A good (albeit pricey) way to learn is through an ongoing relationship with a reputable guide. Locate an experienced guide willing to teach, and clarify that you’re hiring him or her to do so. Most guides in North America are honored to be a mentor rather than a trail breaking pit slave, and they appreciate the financial benefits of having a steady customer. Nonetheless, the commercial relationship can block the ultimate state of mentorship, which is a mutual friendship. (If you do go the guide route, be sure your guide has an extensive and successful track record. For example, younger guides may in reality have little more experience than you do.)
While you can get part of your mountain education from clubs and college courses, don’t count on receiving true mentoring. Clubs frequently bias their teaching so it fits an institutional setting, and club teachers may lack deep real-world experience. More, some clubs are inconsistent with basic safety practices, so go into club activities with your eyes open and check leader credentials. A reasonable question to ask any trip leader, or for that matter a would-be mentor or guide, is “have you ever had any fatalities or rescues on your trips?” If yes, have a frank conversation, find out if they have a pattern of such events, and consider looking elsewhere for guidance.
The best mentor is an “Elmer.” A guy who’s been around the block a few times — usually quite a bit older than you are and sometimes may appear overly cautious. Such mentorships are based on friendship and mutual respect. How to create? Reach out and befriend that fellow you met on the skin track, or at the hut. Listen to his stories. Ski with him. Soak it in.
In today’s millenium culture, mentorship tends to get shrugged off or simply not understood, perhaps looking odd because it doesn’t worship youth culture. But mentorship is still a valid concept and key to reaching that top level of alpinism.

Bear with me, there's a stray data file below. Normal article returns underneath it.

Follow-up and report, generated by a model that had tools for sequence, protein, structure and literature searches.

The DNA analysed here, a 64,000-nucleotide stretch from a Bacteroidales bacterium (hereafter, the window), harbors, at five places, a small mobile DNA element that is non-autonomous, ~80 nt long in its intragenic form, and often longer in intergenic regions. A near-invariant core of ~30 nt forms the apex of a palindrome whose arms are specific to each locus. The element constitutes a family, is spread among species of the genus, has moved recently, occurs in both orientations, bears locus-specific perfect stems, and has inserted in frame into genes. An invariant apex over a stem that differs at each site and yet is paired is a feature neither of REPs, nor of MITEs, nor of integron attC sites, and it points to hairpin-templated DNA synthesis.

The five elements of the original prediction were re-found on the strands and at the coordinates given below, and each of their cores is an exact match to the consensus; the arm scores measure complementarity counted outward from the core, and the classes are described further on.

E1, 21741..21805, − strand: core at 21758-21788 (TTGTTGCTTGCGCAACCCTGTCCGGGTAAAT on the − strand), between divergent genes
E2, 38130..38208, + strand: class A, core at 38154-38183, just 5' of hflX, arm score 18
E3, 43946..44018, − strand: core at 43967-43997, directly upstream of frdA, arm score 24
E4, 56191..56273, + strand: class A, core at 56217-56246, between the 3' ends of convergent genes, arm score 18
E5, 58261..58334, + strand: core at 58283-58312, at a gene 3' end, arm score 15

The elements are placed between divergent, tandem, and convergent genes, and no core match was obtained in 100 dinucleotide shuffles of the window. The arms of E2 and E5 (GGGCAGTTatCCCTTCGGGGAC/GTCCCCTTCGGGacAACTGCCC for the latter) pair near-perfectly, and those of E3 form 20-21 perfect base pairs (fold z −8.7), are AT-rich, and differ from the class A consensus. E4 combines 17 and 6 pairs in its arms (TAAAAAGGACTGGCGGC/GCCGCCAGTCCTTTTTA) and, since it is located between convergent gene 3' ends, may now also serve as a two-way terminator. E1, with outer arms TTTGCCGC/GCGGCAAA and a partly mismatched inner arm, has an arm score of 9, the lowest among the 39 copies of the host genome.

“Every evening I turn worries over to God. He’s going to be up all night anyway.” -Mary C. Crowley
Many mountaineers believe a power outside of normal experience can help with important decisions, and even extricate us from scary situations. For example, John Muir wrote of a spiritual experience that saved his life in the Sierra. Other mountaineers share countless tales of having a feeling that led them from harm. If nothing else, such hunches may be a subconscious amalgam of your situational awareness combined with past experience–a sort of mystical judgment. Whether the source be God or brain, learn to hear your feelings. Stop, let your breathing slow down, and soak in your surroundings. Make a point of traveling with others who hear and trust their feelings. Be cautious about intuition blockers such as psychotropic drugs, summit fever, schedules, and the worst culprit of all, testosterone.
Quest for Excellence
“It is the ultimate wisdom of the mountains that a man is never more a man than when he is striving for what is beyond his grasp.” -James Ramsey Ullman
Style is the magic that brings your mountaineering life together. It’s as unique as your face — as important as your skills. Humor, optimism, delight in challenge, skill set, all are aspects of a successful mountaineer’s manner. But no other component of style exceeds the importance of excellence. From the moment you wake up and carefully load your pack, to the second your head hits the pillow, strive for the best of everything in your ski mountaineering. Functional gear, safe snow, nutritious trail snacks, fine friends — quest for excellence, and all soar into place like a home run baseball hit.
Risk vs. Reward
“A momentary negligence may destroy the happiness of a lifetime.” -Edward Whymper, after his rope team’s cord broke during the first ascent of the Matterhorn.
Willingness to acknowledge and communicate about risk/reward issues is a primary separator between novice and accomplished mountaineers. When you suppress doubts about the propriety of your actions, uncertainty will eventually bubble up, perhaps stifling the fun, at worst clouding your judgment. What’s more, you must cultivate an ability and willingness to find out how much risk your companions are comfortable with, and ascertain if their redline fits with yours, otherwise you will blunder.